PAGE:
Hard to believe that Cody is a man without a plan
Cats boss surely has something up his sleeve to lower Davy Fitz's Banner
On Monday night, Brian Cody gently pushed open a window into the complex mind from which all of hurling now awaits fresh genius.
Launching DJ Carey's autobiography at a thronged Langtons, Cody had the faint air of Moses addressing the children of Israel. He spoke of all the transparent glories of Carey's game, the jet-heeled acceleration, the game-defining goals, the bravery of always putting that gloved hand up where most would not risk a worthless piece of plywood.
But then he spoke of something plainer. Cody told the room that DJ Carey might well have been the finest tackler he ever saw play hurling.
Carey, bear in mind, retired after the '05 All-Ireland semi-final defeat to Galway, a wild, ungovernable goal-fest that seemed, if anything, to outlaw the practice. In other words, he was gone by the time Cody so dramatically realigned Kilkenny to deny Cork's push for three-in-a-row.
That '06 final changed the clichéd perception of Cody as some kind of old-school patriarch, just sending his teams out to triumph in individual battles. On the day, his tactical savvy completely undressed Cork. "What was alarming was the level of heat and intensity they (Kilkenny) brought to the game and the structural zoning they had for our puck-outs," wrote Sean Og O hAilpin in his recently published autobiography.
To Cork, a tactical Cody seemed to represent some kind of contradiction. It would be the last time that either they or hurling misread him so badly.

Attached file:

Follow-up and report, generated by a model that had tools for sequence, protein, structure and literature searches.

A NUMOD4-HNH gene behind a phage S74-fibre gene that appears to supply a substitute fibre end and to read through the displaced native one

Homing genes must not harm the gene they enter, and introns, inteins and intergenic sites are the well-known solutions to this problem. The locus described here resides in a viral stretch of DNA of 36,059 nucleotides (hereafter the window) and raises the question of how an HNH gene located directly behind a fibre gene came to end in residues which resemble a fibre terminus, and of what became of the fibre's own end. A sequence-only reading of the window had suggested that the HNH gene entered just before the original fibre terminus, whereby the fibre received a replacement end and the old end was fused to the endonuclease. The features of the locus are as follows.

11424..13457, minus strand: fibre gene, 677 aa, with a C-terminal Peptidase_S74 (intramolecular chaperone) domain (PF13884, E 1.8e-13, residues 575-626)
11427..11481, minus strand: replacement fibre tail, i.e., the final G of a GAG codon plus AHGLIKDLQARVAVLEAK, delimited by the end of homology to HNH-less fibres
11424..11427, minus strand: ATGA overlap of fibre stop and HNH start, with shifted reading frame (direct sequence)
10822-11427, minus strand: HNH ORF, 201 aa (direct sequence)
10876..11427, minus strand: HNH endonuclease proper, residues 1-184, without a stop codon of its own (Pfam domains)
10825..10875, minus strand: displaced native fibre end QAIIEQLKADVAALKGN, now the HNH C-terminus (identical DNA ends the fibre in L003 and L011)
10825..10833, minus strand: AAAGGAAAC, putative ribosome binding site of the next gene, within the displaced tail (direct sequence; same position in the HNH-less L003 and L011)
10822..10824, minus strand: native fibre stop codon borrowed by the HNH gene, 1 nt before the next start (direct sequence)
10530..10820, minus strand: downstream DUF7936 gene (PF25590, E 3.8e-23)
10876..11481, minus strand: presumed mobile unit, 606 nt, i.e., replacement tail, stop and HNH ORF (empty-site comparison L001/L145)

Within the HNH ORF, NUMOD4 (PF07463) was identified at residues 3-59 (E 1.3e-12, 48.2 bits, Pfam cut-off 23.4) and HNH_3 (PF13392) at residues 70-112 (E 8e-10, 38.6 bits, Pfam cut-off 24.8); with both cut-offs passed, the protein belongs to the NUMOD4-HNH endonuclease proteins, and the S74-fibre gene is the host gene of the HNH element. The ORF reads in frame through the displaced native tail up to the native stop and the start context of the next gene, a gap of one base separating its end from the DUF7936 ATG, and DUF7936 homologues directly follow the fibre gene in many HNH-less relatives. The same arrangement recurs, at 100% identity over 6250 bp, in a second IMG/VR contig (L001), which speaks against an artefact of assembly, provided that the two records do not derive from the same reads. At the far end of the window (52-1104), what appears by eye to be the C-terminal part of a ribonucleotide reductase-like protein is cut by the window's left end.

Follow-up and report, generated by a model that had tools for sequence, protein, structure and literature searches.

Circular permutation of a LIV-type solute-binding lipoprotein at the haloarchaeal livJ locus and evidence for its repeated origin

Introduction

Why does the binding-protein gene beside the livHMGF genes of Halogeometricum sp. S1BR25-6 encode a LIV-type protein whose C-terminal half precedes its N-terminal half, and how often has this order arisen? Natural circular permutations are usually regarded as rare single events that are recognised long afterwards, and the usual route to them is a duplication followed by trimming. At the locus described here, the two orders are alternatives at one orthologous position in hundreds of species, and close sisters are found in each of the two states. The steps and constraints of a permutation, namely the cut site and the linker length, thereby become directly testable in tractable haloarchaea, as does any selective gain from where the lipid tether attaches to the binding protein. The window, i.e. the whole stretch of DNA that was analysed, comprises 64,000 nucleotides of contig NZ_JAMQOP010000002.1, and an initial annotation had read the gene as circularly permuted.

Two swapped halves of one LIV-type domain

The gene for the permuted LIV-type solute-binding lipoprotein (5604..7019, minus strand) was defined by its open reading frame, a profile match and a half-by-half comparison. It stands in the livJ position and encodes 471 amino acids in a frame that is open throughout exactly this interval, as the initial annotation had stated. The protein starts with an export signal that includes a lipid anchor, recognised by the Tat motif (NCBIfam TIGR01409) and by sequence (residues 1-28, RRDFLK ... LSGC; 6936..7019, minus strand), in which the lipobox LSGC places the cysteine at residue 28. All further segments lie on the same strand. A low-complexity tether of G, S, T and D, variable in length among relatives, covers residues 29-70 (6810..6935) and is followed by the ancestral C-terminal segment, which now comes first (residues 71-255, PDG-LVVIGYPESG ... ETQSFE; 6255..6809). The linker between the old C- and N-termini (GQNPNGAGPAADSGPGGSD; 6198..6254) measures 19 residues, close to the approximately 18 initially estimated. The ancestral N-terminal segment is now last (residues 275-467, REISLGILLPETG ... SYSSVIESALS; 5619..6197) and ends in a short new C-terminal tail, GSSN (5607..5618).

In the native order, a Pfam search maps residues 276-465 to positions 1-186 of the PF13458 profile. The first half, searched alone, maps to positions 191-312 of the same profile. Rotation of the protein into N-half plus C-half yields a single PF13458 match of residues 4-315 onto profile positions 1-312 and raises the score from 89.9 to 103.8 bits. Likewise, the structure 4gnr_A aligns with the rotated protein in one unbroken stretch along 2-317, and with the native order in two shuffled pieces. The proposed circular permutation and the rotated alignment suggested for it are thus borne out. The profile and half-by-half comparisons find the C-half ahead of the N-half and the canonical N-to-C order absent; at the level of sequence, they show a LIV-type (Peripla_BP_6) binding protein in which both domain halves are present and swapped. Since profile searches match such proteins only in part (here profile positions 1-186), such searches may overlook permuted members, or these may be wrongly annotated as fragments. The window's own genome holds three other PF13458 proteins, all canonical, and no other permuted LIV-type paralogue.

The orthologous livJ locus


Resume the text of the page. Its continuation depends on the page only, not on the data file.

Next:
Cody's depiction of Carey on Monday night hinted at his gift for seeing beyond the obvious in a team or individual. Actually coming as it did, just over 24 hours after a distinctly ordinary Kilkenny county final, it sent minds arcing instantly towards hurling's million-dollar question.
In light of the game patented so gloriously by Davy Fitz's Clare this year, have Kilkenny got a plan?
The answer must, surely, be in the affirmative, for Cody has hardly committed to his 16th season on mere whimsy. He may feel, with some justification, that injury scarred Kilkenny's year more than any fading appetite or the soaring tonnage of high miles.
Once Dublin evicted them from
Leinster, Cody and his men were sentenced to a schedule of running repairs. They dug to their soles and beyond to see off Tipperary and Waterford, each time returning to the smithy of Nowlan Park to be hurriedly re-shod.
Cody, thus, found himself sentenced to strike that treacherous balance between rest and fury. It proved too much.
But he looked fit and toned in a military grey suit on Monday night as the great and the good came out to support the long-awaited launch of Carey's story, written superbly by Martin Breheny, GAA editor of this precinct. Old gods of the game like 'Babs' Keating and Eddie Keher were in attendance, as was racehorse trainer Jim Bolger, looking a good two decades younger than someone whose 72nd birthday will fall on Christmas Day.
Modern greats attended too, men like Brian Whelahan, Tipperary's Eoin Kelly, Eddie Brennan, John Power, Ollie Baker, Charlie Carter and James McGarry.
Maybe nothing defines the GAA quite like a gathering of clans and this was as good as it can be. Tellingly, during the course of his speech, DJ touched on the essential steel that has come to define Brian Cody in management. "He could be hard, even cruel at times," he said, before faltering momentarily.
"Ah no," he smiled, glimpsing that familiarly enigmatic grin beam up at him from the floor. "He wouldn't really".
Hurling's landscape may have changed, but there's still something familiar rustling in the leaves.